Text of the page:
> An overall result of the NSF study is that science education &
>scientific literacy in the US is, in a word, bad. I think that the
>state of science education is an important social issue that churches
>should be addressing.
I having just read Miller's Finding Darwin's God and being half-way through
Pennock's "Tower of Babel." I couldn't agree more. (Your book is next on my
list, George!) What seems to be needed is some sort of cirriculum for a Sunday
School-type class that incorporates that type of explanation of evolutionary
theory with a polite but well-reasoned refutation of the typical YEC
misinformation AND a thoughtful study of the relevant scriptures. (Add a slick
video presentaion and a guarentee of weight loss and babies sleeping through
the night and you might have yourself a best seller! :)
> A related issue: Some may reply that the answer to bad science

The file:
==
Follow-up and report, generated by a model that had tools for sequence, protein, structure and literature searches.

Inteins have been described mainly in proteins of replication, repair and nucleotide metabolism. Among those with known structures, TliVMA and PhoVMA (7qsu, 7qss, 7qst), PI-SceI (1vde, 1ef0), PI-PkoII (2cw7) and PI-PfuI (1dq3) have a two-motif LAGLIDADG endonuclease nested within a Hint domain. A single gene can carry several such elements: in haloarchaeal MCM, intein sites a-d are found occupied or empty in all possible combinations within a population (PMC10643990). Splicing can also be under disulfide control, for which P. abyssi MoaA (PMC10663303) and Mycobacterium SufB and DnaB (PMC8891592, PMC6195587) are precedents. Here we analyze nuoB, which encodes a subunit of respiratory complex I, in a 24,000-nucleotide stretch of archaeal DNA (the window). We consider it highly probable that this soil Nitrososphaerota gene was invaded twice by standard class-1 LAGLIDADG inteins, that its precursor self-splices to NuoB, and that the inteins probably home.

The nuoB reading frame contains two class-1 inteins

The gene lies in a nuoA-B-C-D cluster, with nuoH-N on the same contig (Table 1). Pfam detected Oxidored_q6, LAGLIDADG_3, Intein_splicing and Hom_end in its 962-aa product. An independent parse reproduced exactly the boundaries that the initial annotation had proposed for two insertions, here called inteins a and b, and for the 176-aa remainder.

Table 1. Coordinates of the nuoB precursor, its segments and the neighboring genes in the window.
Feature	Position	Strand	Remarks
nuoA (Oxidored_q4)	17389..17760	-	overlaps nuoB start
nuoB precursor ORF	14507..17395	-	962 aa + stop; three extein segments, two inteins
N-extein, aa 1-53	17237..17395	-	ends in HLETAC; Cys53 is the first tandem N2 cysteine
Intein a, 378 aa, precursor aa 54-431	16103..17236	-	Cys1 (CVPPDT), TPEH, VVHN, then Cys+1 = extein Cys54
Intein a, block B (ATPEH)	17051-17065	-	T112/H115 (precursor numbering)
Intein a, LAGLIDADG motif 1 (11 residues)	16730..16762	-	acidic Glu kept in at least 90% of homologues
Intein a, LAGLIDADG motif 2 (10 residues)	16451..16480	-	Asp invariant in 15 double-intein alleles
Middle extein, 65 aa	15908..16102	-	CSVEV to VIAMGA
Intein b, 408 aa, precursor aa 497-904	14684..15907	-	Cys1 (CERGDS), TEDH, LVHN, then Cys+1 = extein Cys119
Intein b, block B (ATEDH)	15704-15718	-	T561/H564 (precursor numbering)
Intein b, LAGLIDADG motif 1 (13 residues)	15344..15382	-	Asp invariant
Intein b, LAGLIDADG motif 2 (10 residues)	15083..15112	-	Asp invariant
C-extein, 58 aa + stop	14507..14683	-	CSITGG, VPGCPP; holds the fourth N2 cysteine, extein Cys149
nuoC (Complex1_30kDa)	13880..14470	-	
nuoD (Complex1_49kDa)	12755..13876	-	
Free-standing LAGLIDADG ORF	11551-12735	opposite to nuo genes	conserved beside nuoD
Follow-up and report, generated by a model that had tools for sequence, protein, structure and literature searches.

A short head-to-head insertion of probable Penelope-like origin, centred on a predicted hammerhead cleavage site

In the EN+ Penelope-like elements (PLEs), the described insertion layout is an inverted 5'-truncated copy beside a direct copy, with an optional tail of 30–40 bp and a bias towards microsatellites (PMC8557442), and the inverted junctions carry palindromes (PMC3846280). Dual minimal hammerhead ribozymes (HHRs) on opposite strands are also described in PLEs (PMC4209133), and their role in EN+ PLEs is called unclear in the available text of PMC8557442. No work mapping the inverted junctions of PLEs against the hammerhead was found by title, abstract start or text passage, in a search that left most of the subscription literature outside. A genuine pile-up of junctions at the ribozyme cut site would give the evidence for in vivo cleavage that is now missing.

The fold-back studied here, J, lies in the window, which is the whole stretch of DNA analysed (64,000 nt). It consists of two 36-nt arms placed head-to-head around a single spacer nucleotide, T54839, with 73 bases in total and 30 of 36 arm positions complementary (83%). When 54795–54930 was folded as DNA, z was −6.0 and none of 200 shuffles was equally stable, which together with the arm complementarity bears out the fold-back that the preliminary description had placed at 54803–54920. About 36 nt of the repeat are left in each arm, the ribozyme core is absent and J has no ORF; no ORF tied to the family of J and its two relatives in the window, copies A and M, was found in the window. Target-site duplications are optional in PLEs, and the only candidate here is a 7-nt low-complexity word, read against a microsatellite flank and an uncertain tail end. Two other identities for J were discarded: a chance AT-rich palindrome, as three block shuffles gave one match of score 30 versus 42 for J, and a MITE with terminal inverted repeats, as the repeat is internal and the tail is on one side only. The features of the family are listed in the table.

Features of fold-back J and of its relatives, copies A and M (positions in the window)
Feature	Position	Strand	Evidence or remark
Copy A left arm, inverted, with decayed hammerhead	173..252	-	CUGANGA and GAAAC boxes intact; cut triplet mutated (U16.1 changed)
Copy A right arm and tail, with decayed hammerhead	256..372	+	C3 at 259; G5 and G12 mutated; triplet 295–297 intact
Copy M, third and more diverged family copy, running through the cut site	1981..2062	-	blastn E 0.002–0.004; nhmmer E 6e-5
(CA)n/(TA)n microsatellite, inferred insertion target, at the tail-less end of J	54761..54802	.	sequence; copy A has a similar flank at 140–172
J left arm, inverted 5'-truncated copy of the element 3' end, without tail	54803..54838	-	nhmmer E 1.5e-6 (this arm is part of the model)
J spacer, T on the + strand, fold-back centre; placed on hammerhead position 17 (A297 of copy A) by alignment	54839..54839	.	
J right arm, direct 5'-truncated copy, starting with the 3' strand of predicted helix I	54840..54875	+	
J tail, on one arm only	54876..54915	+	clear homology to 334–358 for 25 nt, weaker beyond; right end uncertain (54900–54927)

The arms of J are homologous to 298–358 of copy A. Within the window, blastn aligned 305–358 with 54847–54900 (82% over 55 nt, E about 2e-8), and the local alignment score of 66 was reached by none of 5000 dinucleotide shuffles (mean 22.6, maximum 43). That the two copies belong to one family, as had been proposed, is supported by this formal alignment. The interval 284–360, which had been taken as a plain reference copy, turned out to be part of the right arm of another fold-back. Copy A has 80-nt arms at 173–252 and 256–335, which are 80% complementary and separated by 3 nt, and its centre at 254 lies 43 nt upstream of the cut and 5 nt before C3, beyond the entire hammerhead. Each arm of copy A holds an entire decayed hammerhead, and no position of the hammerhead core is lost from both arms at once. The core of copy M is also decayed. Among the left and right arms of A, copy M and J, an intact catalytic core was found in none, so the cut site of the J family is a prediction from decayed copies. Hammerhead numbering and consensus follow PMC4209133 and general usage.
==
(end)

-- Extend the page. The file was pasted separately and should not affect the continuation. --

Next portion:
>education is home schooling. But that prompts another question: What
>fraction of kids who are being home schooled are being taught some
>variant of creation science or ID?
Of ones that are being home-schooled primarily for religious reasons, probably
a lot. How many well-meaning home-schooling parents are finding nothing but
that in the Christian-based materials being marketed to them? Until
evolutionists get better at presented their science as complementary to rather
than in opposition to a Christian worldview, homeschooling parents will have
little incentive to seek out such materials for their children.
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